Facebook isn't ready to unveil the video ads that it has been telling marketers about for more than a year. But it's launching a test to determine the impact of video in user news feeds.
Starting tomorrow, a small group of U.S. Android users will be able to see video that automatically plays in the news feed when they scroll past it. There's another big similarity to the setup of the long-awaited video ads, which were recently delayed again from their intended October debut. Users need to click on the video to activate audio and make it pop out from the news feed and expand if they flip their phones horizontally.
But there are some differences from the upcoming video ads. For example, videos posted to brand pages won't play automatically, even for users who voluntarily follow the brand. And if a marketer buys a video page-post ad to show up in news feeds, it will still be click-to-play as it is now.
Only videos by other users and celebrities, bands and musicians with verified pages with a blue check mark will automatically play in news feed and on profile pages for people in the test group.
With the test, Facebook can capture more data to perfect the user experience of video ads by observing how people interact with a non-commercial version of them. Facebook has been seeking between $1 million and roughly $2.4 million for video ads and had intended as of this summer to make available them for Black Friday and the holiday retail season.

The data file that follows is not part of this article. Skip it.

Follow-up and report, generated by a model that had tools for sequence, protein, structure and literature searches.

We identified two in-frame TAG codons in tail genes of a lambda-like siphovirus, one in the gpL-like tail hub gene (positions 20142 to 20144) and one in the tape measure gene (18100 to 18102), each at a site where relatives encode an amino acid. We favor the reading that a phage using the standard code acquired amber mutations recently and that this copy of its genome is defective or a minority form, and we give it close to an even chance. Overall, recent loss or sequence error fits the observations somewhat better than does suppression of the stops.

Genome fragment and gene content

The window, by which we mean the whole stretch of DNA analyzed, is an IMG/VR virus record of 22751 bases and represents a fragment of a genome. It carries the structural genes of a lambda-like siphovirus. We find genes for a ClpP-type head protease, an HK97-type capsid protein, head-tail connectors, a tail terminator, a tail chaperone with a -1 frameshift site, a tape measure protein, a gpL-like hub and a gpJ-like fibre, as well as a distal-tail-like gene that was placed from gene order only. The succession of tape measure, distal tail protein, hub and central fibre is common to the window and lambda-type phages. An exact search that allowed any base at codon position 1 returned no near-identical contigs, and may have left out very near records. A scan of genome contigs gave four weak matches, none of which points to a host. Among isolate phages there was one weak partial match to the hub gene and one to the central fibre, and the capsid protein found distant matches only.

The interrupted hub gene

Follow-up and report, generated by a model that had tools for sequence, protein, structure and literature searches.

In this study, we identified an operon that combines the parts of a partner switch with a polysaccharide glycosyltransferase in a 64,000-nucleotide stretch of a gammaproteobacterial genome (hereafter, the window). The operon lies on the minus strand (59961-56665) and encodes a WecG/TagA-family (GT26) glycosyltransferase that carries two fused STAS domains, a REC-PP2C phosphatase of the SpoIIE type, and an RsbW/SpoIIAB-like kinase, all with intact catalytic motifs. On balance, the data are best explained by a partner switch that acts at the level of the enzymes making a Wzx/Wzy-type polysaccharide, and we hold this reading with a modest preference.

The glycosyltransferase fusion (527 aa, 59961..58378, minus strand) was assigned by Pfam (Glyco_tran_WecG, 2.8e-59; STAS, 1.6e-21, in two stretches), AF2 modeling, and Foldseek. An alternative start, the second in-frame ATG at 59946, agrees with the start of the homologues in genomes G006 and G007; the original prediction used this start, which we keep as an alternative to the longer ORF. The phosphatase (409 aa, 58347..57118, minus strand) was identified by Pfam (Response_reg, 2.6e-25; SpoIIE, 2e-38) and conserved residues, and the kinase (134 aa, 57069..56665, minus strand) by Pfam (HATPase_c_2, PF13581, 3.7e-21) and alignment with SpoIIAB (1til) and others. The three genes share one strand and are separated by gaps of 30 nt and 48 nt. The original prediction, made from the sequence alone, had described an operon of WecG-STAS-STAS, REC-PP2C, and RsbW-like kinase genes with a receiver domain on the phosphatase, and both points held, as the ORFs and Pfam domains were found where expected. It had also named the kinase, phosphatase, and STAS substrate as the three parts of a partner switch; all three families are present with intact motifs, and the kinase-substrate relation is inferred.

While advertisers had committed for the October launch, many were bucking at the price as well as the notion of being among the first to try an unproven product that may rattle users if they think it's too obtrusive.
Facebook hasn't given a time frame for whether similar tests will be conducted for iOS and desktop users.
Embedded links from YouTube and Vimeo won't automatically play, but video from apps like SocialCam, Cinemagram, Snapshot and Camera Awesome that directly upload to Facebook will, as well as Instagram video that's cross-posted to Facebook.
And user videos won't be capped at 15 seconds like marketers' ads will be. They'll be cut off at 20 minutes, which is the case with Facebook's existing click-to-play video.